The successful combination of two assays that exemplify theories often presented as antagonistic may indicate that the distinction between genotoxic and nongenotoxic carcinogens is not so sharp, and that the theories on the early stages of carcinogenesis are not mutually exclusive; on the contrary, different pathways in the carcinogenesis process may co-exist and should be taken into account in testing strategies.

The contribution of SAR concepts in the identification and coding of the action mechanisms, and in the development of alternative strategies should be remarked as well. In this commentary, the use of SAs for the rapid and inexpensive identification of DNA-reactive carcinogens has been presented. The availability of free, user-friendly implementations, like e.g., the expert system Toxtree (Worth 2010; Benigni & Bossa 2011b), allows every scientist to easily apply the SAs to the query chemicals of interest (free download: It should be emphasized as well that the SAR concepts have a much wider application, and are also at the basis of the Read-Across and Regulatory Category approaches aimed at filling gaps in experimental data by similarity with other, already tested chemicals (Van Leeuwen et al. 2009; Worth 2010).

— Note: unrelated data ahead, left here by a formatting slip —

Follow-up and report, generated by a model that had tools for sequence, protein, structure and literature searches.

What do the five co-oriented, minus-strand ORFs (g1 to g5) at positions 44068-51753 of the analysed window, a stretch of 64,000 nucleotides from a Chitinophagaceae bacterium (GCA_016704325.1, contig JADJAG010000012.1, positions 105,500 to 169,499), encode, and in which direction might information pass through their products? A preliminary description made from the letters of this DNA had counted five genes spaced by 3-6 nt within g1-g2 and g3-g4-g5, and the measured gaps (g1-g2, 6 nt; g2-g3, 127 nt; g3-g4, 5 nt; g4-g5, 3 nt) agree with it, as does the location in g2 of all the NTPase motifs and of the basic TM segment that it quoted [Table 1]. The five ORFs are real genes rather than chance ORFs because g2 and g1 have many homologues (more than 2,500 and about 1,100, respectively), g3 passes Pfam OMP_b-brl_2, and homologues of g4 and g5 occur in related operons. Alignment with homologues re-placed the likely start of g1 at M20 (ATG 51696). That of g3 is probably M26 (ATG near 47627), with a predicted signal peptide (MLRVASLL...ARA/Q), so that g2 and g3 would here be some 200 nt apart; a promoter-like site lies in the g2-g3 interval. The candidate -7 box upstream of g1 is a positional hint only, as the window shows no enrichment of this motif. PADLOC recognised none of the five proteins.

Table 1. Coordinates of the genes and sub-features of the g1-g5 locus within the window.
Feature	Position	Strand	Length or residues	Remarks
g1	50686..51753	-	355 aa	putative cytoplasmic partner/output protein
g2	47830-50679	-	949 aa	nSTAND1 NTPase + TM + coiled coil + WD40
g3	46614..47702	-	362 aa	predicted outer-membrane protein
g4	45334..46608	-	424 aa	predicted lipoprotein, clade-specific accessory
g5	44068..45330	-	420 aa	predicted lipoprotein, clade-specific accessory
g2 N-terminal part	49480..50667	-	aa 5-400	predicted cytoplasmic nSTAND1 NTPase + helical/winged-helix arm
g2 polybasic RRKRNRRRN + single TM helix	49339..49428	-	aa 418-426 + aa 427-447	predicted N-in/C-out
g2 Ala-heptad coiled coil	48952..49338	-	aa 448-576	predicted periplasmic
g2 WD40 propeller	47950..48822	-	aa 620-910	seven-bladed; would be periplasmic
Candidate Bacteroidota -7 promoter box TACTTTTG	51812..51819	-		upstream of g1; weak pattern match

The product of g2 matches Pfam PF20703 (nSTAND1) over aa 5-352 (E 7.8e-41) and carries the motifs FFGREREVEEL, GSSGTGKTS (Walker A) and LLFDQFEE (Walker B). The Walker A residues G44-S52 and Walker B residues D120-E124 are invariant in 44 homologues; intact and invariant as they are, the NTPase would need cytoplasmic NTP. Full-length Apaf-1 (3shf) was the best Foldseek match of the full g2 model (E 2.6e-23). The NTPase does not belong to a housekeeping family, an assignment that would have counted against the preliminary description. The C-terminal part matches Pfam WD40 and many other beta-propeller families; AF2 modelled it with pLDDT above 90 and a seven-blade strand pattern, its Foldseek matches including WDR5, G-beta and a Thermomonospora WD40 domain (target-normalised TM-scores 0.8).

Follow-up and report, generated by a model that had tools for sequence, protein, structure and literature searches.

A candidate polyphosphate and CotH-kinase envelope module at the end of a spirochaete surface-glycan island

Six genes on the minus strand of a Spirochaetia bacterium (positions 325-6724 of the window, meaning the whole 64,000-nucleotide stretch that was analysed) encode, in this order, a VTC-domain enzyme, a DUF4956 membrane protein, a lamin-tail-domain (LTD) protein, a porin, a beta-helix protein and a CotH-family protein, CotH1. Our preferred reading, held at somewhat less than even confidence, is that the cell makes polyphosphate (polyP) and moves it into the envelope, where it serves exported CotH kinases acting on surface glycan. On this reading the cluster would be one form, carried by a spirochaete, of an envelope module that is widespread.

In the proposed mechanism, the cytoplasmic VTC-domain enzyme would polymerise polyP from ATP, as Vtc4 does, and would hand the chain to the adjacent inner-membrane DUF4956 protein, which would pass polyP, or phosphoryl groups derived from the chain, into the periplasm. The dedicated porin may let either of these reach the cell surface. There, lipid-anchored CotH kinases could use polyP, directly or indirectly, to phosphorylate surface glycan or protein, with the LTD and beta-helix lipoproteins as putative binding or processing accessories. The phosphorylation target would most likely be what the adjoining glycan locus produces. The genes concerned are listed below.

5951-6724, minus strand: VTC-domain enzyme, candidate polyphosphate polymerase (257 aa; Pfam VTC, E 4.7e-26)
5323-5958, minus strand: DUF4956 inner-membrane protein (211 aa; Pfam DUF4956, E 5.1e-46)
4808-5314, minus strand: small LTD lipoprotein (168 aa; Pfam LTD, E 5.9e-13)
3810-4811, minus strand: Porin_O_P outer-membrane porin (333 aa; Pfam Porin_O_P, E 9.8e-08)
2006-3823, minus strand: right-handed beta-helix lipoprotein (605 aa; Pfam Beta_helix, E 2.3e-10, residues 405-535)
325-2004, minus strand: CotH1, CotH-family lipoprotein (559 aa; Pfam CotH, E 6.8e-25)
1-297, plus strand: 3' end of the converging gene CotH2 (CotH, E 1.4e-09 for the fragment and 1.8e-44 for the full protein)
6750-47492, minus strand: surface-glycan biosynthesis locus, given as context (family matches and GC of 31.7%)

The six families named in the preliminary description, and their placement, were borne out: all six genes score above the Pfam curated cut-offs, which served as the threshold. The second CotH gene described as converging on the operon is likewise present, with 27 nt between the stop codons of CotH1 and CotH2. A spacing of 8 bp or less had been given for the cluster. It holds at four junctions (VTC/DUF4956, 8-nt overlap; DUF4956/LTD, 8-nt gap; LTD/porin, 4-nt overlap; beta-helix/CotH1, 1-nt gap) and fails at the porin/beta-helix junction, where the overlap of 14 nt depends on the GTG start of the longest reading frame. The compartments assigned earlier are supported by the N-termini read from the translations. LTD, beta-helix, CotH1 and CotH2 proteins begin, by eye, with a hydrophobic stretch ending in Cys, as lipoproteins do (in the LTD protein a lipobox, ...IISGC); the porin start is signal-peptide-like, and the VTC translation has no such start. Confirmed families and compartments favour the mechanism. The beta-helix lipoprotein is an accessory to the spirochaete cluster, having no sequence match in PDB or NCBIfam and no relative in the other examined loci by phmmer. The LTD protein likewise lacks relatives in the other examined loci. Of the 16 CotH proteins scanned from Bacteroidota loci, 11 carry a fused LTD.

The good news is that the goal of identifying carcinogens with alternative methods is closer than usually thought. The Ames test and the SAs for the DNA-reactive carcinogens, and the CTAs for the nongenotoxic carcinogens permit -in combination- the identification of a very large proportion of carcinogens. So, they constitute a solid ground for refinements by future research. However, the present, commonly accepted strategies for the pre-screening of carcinogenicity are quite inefficient, do not adequately protect public health and so need to be updated urgently.

©2011 Romualdo Benigni